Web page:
2011-12 San Jose Sharks: Brent Burns Report Card

MJ KasprzakSenior Writer IIMay 27, 2012

2011-12 San Jose Sharks: Brent Burns Report Card

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    A monumental trade last summer was designed to put the two-time conference finalist San Jose Sharks over the top.

    San Jose gave up a younger Devin Setoguchi, top prospect Charlie Coyle and dropped the team's first pick in this year's draft (since traded for Dominic Moore, anyway) by more than 20 places. In return, they got 2011 All-Star defenceman Brent Burns.

    Since they were the second team eliminated from the playoffs, the future appears mortgaged for nothing. But if Burns turns into the elite player, it could still work out.

    The Sharks are banking on that, offering him a five-year, $28.8 million extension through 2017. It is likely his price would have gone down if they had waited to see how he played in California. That being said, they know Burns can be a core player on their blue line for the next five seasons.

    Here is a look at the good, bad and ugly truth of Burns' first season in teal...

The Good

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    Brent Burns was the best player on the San Jose Sharks blue line in the playoffs.

    He scored a big power-play goal and assisted on one of the other seven his team scored in the series. His 13 hits were second on the team, and he was tied for fifth in blocks (five) and takeaways (three).

    During the regular season, he led the blue line in goals (11), game-winners (two, tied with Dan Boyle) and takeaways (25). But more than that, he was top-three on the unit in literally every other stat: assists (26), points (37), plus-minus (plus-eight), PIM (34), ice time (22:32), hits (68) and blocks (117).

    That left his defensive quotient at 57.8 and his offensive quotient at 42.8 (formulae for those values available at the provided link). While that left him only fourth defensively, he was second offensively and overall.

    In other words, he was the two-way force the team needed him to be in the regular season and playoffs.

The Bad

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    Brent Burns took quite awhile to adjust to his new team and system. He was so often out of position that he was getting beaten despite being paired with the team's most responsible (and best through the first two-plus months) defender, Marc-Edouard Vlasic.

    After being at best an average top-four defenceman for the first half of the season, living up to expectations was all-but-impossible. He saw a drop-off of six goals and nine points from the previous season on a much more offensively-challenged Minnesota Wild squad.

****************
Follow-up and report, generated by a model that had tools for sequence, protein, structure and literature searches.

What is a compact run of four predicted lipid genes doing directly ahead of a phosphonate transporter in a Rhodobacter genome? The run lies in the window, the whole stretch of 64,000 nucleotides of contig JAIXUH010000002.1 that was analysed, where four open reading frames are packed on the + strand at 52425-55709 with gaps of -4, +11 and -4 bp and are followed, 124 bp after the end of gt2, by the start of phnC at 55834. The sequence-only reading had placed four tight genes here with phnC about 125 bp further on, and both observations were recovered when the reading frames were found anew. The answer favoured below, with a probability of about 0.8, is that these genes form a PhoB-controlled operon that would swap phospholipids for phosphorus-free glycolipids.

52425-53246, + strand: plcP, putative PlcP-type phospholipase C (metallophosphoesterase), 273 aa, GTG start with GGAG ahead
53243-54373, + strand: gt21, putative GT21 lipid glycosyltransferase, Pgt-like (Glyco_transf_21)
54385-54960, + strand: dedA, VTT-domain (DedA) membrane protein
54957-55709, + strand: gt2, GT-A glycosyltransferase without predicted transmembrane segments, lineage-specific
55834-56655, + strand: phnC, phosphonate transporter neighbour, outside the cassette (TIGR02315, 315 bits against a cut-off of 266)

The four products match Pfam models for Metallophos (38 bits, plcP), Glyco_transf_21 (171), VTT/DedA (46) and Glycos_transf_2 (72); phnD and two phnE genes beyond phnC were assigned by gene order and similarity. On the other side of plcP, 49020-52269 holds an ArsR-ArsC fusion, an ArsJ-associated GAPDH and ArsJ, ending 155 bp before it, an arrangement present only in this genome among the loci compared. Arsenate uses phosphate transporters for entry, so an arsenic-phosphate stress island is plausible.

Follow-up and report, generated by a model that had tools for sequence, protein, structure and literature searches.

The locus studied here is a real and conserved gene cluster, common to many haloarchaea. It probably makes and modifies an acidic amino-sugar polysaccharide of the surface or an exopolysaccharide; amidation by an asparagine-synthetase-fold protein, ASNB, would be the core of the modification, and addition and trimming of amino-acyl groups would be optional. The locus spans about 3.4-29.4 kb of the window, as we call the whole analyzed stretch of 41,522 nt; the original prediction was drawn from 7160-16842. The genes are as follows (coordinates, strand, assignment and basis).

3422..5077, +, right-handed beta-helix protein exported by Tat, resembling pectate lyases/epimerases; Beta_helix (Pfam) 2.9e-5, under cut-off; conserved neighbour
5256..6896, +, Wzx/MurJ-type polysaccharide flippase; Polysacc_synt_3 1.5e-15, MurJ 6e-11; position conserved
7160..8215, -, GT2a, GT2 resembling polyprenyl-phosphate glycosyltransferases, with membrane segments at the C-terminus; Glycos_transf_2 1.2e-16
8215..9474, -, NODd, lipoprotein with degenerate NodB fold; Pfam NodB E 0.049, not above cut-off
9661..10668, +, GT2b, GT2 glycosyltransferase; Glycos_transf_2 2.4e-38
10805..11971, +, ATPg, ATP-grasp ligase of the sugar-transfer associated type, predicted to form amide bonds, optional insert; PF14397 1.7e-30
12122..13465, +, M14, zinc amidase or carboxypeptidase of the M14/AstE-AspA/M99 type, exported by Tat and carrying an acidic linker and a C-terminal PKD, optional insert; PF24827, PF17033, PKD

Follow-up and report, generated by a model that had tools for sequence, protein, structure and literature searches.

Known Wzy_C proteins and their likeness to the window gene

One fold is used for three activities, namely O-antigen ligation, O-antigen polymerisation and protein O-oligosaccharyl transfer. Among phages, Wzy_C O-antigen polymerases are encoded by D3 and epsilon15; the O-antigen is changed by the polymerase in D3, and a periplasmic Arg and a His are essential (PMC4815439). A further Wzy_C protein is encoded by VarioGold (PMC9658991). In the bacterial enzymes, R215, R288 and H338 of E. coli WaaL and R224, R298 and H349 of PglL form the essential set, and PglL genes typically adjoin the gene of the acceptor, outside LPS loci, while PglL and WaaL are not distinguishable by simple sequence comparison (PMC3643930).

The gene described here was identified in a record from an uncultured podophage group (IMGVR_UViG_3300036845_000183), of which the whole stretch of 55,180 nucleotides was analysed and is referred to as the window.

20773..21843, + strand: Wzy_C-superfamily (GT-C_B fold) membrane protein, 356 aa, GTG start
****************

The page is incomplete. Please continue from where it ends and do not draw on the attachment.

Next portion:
He also led the San Jose Sharks blue line in giveaways with 75, resulting in more lost possessions than any other Shark despite his prolific takeaway numbers. And while 68 hits were second on the blue line, they were a disappointing eighth on the team and just 10 more than the unit's smallest player, Dan Boyle, and just three more than Colin White had in fewer than half the minutes.

The Ugly Truth

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    The bottom line is, Brent Burns was supposed to be a difference-maker for the San Jose Sharks, and the team went south in the standings with this trade being the primary change. Some of that has to fall on his shoulders.

    Had the Sharks not traded for him, their future would be in better shape. Had they not extended his contract, they likely could have signed him for less or a better defenceman for little more.

    But once his transition was completed, he had 24 points in 36 games from Jan. 7 through March 24. During the last 26 games of that stretch, he had 14 points while the Sharks scored only 61 and went 9-13-4.

    By contrast, San Jose went 5-2 in the final seven in which he had just one assist, so more was not needed out of him to make the playoffs.

    He also was considerably less aggressive (drop from 98 penalty minutes in 2010-11 to 34 last season), probably because the Sharks penalty kill was so bad that he could not risk a trip to the box. While he bears some responsibility for that PK failure, it still qualifies as a mitigating factor to at least his lower hit totals.

    In the end, the Sharks still have a young player who has already shown he is capable of being a No. 1 defenceman locked up for five years. As such, he may fetch good enough return to make trading him worthwhile, but there is no reason to make it a goal to move him.